David Geffen Biography (1943-)

Born February 21, 1943, in Brooklyn, NY; son of Abraham and Batya (an owner of a corset business) Geffen. Addresses: OFFICE--Geffen Films, 9130 Sunset Boulevard, Los Angeles, CA 90069.

David Geffen's unique entrepreneurial career spans the recording industry, the movies, and Broadway plays. By his mid-forties Geffen established himself as a bi-coastal mogul who earned rich profits by backing such varied projectsas albums by Jackson Browne, the Broadway musical Cats, and the feature filmRisky Business. In a July 21, 1985 New York Times Magazine feature, Don Shewey called Geffen a tastemaker with proven good judgment who "mediates betweenthe interests of businessmen in making money and the interests of artists indoing good work." A self-made man who earned a million dollars before he turned twenty-five, Geffen stepped away from the entertainment industry between 1976 and 1980 when he was told he had cancer. Since returning to the business,he has recouped his position as one of the most important individuals in itscorporate structure. New York Times reporter John Duka wrote on October 3, 1982, that Geffen's recent triumphs "are proof that he is still capable of replicating the success he experienced when ... he became the most sought afteragent in the business. Proof, too, against those who forsook him during his retirement ... that he has not lost his touch. And proof, finally, that he maynot have been simply a pushy and loud upstart."

Geffen was born in Brooklyn, the second son in a struggling family who livedin a cramped, three-room apartment. His father was unemployed, but his motherstrove ceaselessly to better the family's position. She created a company, Chic Corsetry by Geffen, that eventually moved from the family living room toits own storefront. "I was a terrible student," Geffen told the New York Times. "I learned by lessons by watching {my mother}. She taught me to tell the truth, to make sure that whatever I put out was good stuff. I believe that with every fiber of my body." While visiting his brother who was attending law school in Los Angeles, Geffen drove with a friend around the stars' homes in Beverly Hills. In a May 17, 1982 New York article, Geffen recalled: "All I could think was how angry I was at my parents that they chose Brooklyn instead of Beverly Hills. I thought, 'Why ... would anybody not want to live here. Look at this. This is fabulous! ... I'm gonna live here."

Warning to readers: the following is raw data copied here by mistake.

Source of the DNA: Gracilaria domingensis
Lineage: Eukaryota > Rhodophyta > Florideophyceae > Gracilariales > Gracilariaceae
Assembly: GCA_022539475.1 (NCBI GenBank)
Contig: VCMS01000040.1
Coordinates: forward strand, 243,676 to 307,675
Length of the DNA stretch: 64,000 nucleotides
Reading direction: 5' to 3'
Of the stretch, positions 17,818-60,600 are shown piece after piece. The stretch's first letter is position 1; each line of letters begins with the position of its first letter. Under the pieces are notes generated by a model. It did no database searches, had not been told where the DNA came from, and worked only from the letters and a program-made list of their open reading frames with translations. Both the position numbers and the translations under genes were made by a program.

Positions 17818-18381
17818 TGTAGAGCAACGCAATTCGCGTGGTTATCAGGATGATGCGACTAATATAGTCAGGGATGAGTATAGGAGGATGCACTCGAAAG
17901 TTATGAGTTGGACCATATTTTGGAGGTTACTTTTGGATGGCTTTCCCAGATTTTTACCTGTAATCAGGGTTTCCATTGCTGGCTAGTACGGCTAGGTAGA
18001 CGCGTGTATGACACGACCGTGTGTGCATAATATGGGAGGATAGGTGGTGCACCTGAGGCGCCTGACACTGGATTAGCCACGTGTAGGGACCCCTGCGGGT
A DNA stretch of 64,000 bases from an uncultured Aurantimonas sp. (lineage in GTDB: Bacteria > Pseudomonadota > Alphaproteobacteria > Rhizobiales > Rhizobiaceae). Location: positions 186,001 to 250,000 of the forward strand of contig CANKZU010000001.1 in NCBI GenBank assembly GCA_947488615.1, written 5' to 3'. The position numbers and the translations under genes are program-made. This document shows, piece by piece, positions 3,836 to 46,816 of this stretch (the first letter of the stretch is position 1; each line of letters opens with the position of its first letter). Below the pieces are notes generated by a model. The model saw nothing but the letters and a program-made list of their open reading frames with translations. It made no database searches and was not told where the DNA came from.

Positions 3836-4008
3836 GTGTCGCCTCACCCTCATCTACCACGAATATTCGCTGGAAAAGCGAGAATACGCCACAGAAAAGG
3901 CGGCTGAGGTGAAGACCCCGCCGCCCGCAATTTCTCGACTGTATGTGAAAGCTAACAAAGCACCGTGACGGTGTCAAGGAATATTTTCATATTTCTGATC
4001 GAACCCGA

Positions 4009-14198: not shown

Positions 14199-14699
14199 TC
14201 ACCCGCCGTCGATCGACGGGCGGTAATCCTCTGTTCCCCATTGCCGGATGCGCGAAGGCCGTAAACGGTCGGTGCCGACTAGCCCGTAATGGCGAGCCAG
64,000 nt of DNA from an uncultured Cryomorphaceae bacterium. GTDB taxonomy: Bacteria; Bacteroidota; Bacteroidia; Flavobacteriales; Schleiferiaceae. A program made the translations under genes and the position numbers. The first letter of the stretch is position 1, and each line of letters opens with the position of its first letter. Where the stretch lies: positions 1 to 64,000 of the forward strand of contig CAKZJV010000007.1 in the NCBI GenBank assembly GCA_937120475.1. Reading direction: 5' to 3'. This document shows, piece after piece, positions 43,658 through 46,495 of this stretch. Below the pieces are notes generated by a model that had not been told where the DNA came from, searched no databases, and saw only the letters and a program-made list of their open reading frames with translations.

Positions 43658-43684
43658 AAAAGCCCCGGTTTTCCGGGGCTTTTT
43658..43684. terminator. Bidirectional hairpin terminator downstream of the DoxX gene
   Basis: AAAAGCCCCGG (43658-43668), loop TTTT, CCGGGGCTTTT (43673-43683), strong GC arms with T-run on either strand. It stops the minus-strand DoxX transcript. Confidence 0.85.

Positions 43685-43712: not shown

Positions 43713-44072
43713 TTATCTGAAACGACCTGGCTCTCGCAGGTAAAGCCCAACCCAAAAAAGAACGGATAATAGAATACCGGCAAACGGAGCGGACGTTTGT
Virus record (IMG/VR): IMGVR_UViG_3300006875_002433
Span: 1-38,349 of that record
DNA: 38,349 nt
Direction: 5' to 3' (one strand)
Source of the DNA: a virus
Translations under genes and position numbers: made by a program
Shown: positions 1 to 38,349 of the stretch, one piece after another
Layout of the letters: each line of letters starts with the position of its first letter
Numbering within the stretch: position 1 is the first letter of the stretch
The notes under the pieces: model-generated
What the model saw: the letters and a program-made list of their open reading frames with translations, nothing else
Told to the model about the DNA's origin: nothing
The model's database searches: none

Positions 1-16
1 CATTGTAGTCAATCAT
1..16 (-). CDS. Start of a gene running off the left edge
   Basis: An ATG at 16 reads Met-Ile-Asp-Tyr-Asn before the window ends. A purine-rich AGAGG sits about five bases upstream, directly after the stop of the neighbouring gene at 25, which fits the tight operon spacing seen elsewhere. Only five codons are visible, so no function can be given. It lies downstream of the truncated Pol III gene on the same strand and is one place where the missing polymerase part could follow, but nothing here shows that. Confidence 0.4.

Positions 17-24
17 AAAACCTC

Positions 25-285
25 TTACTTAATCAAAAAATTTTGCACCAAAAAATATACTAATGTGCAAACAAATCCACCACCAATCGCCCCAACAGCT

College did not seem to be the answer for Geffen. He flunked out of the University of Texas, then dropped out of Brooklyn College. He was dismissed from two entry-level jobs at CBS, and then he went to work in the mail room at theprestigious William Morris Agency. In order to advance at William Morris, Geffen fabricated the story that he had graduated from the University of California, Los Angeles. When he learned that the agency was trying to verify his claim, he haunted the mail room until he intercepted the college's answer, steamed it open, and forged a false response. "It was either give William Morriswhat they wanted or give up my dream," he told the New York Times. Even so, as a journeyman talent agent, Geffen was almost fired for being "too aggressive." He had to plead for his job on at least one occasion.